The surveys sometimes generated complaints, particularly in Indian country. In an 1859 letter to the Commissioner of Indian Affairs, J.L. Collins, Superintendent of Indian Affairs for New Mexico Territory, expressed concerns about government land surveys being conducted in Indian territory:

          “I mentioned, in a letter to you…my doubt about the propriety of pushing the surveys of the public lands so far into the Indian country. I am now still more strongly convinced of its impropriety. These surveys have been extended very nearly to the Texas line, on our eastern limits, and lands have been surveyed in that section that will not sell in the next half century; and, among them, were those that were being surveyed by Colonel Clements at the time he was driven in by the Indians. If it is, indeed, proper that the fund of the government shall be thus used, let it be done where there is less exposure. The country may not be so beautiful and open in other places for ‘running lines’ [surveyor’s measurements], but localities can certainly be found that will be much more likely to sell, and where there will be no risk of bringing on a collision with the Indians.”

Photo Courtesy Denver Public Libary, Western History Collection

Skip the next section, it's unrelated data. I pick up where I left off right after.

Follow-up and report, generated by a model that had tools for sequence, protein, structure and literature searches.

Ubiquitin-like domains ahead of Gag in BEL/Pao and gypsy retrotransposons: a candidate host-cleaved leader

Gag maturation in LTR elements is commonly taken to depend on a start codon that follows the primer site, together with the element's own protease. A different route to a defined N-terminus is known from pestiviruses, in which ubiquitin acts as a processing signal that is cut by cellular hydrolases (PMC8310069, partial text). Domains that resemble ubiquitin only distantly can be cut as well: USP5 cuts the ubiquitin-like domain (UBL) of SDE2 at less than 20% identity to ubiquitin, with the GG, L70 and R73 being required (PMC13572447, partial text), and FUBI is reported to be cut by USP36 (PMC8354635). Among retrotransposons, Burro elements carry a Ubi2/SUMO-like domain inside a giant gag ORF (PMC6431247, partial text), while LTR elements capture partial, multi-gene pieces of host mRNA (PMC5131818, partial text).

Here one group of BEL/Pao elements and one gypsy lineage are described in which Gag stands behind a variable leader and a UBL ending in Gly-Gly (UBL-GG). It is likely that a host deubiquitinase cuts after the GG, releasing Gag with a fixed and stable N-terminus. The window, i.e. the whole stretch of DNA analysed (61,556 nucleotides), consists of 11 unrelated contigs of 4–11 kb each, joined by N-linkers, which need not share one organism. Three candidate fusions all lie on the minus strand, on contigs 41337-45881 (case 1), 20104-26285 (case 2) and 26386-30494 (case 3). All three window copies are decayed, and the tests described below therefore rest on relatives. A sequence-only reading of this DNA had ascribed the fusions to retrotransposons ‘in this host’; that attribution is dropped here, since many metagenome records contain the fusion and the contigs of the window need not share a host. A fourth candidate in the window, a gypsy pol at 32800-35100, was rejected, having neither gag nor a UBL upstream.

Quoted text from Annual Report of the Commissioner of Indian Affairs 1859

Protecting Citizens in Indian Country 1859

J. L. Collins, Superintendent of Indian Affairs for New Mexico Territory, believed in punishing Indians for crimes against settlers. He also thought settlers needed to protect themselves.
          “It is not practicable,” he wrote to the Commissioner of Indian Affairs in 1859, “to have [military] troops in every neighborhood, and it seldom occurs, when a depredation [crime by an Indian] is committed, that a notice can reach the troops in time to enable them to effect anything.”  
          “How were the frontiers of Kentucky and Tennessee defended in the first settlement of those States? …[hearing] an alarm of Indians aroused every [male] citizen; they shouldered their rifles, and rallied to the rescue, leaving their noble wives and daughters to defend their homes and firesides, while [the men] followed the enemy…”
          Collins had little patience with people who complained that the military did not do enough to protect settlers in the vast New Mexico Territory. “…Now, we expect the government to do everything. In place of fighting to defend our own interest, we spend our time writing letters and newspaper editorials, condemning a policy that has been approved by the wisdom of each successive administration for the last thirty years.”